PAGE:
However, even though her life is one of unremitting routine, one day the alarm clock doesn’t go off and Tara will never be the same again…

As a result of the timing malfunction and rushing for the school bus, Tara forgets to take her pills. It’s a day for disasters. She trips, breaks her bracelet and, even after frantically making it to school on time, feels weird all day. After terrorising her classmates and making an exhibition of herself, Tara ends the day by catching on fire, rushing through the school like a human torch and passing out in the showers…

When she awakens, she’s in a freezer with her bracelet missing and confronted by the formidable presence of female MIB Agent Stone. When she makes Tara remove the necklace the terrified girl instantly transforms into a reptilian being and catches fire again. Suspicions confirmed, Stone swiftly explains some unsavoury facts of life to her shellshocked captive…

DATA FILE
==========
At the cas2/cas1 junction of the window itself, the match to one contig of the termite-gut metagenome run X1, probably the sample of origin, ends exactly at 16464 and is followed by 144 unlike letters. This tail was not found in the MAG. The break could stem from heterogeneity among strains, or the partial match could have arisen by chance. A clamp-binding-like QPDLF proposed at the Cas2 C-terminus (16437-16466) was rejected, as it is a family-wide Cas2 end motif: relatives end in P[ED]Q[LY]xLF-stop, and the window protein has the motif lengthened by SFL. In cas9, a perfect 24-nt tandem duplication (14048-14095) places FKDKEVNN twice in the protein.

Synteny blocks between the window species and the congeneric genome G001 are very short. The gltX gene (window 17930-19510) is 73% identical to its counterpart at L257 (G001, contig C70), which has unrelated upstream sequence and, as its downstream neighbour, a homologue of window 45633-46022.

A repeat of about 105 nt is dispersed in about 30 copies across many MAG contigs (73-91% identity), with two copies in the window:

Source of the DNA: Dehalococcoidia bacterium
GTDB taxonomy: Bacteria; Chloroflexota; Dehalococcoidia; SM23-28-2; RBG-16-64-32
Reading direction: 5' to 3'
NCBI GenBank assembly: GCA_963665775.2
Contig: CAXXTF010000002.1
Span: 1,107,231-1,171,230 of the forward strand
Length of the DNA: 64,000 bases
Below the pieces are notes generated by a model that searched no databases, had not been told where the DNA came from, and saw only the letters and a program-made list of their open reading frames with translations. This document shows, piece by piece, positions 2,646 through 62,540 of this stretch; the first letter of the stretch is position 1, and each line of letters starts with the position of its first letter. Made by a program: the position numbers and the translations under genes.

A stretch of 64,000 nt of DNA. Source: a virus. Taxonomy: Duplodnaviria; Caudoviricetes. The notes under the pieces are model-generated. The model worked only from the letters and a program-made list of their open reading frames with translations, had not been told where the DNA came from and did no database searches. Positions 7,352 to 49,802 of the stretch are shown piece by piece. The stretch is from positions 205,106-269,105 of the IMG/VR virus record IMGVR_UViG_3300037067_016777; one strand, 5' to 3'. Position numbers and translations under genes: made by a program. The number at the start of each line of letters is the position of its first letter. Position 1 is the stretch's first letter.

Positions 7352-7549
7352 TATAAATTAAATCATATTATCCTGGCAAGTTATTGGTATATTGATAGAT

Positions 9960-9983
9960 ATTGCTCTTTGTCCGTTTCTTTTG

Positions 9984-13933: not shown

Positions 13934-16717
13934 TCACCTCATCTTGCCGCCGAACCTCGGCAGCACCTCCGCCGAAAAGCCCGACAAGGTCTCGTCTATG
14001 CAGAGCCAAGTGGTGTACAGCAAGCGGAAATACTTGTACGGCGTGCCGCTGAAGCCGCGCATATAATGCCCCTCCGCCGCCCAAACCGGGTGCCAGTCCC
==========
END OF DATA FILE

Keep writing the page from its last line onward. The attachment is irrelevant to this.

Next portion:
Before long Tara is despatched to a very special top-secret school built to house and safeguard girls just like her: young alien refugees abandoned or trapped on Earth and educated under the directives of numerous clandestine treaties, all unsuspected by the greater mass of humanity which still believes itself to be the only life in the universe…

Thus begins a thrilling epic as Tara gradually assimilates into her new school (Blacksite 513 AKA The School for Extraterrestrial Girls), making friends, enemies and many, many mistakes as she slowly uncovers the secrets of her hidden past and an awful truth regarding her own existence on Earth…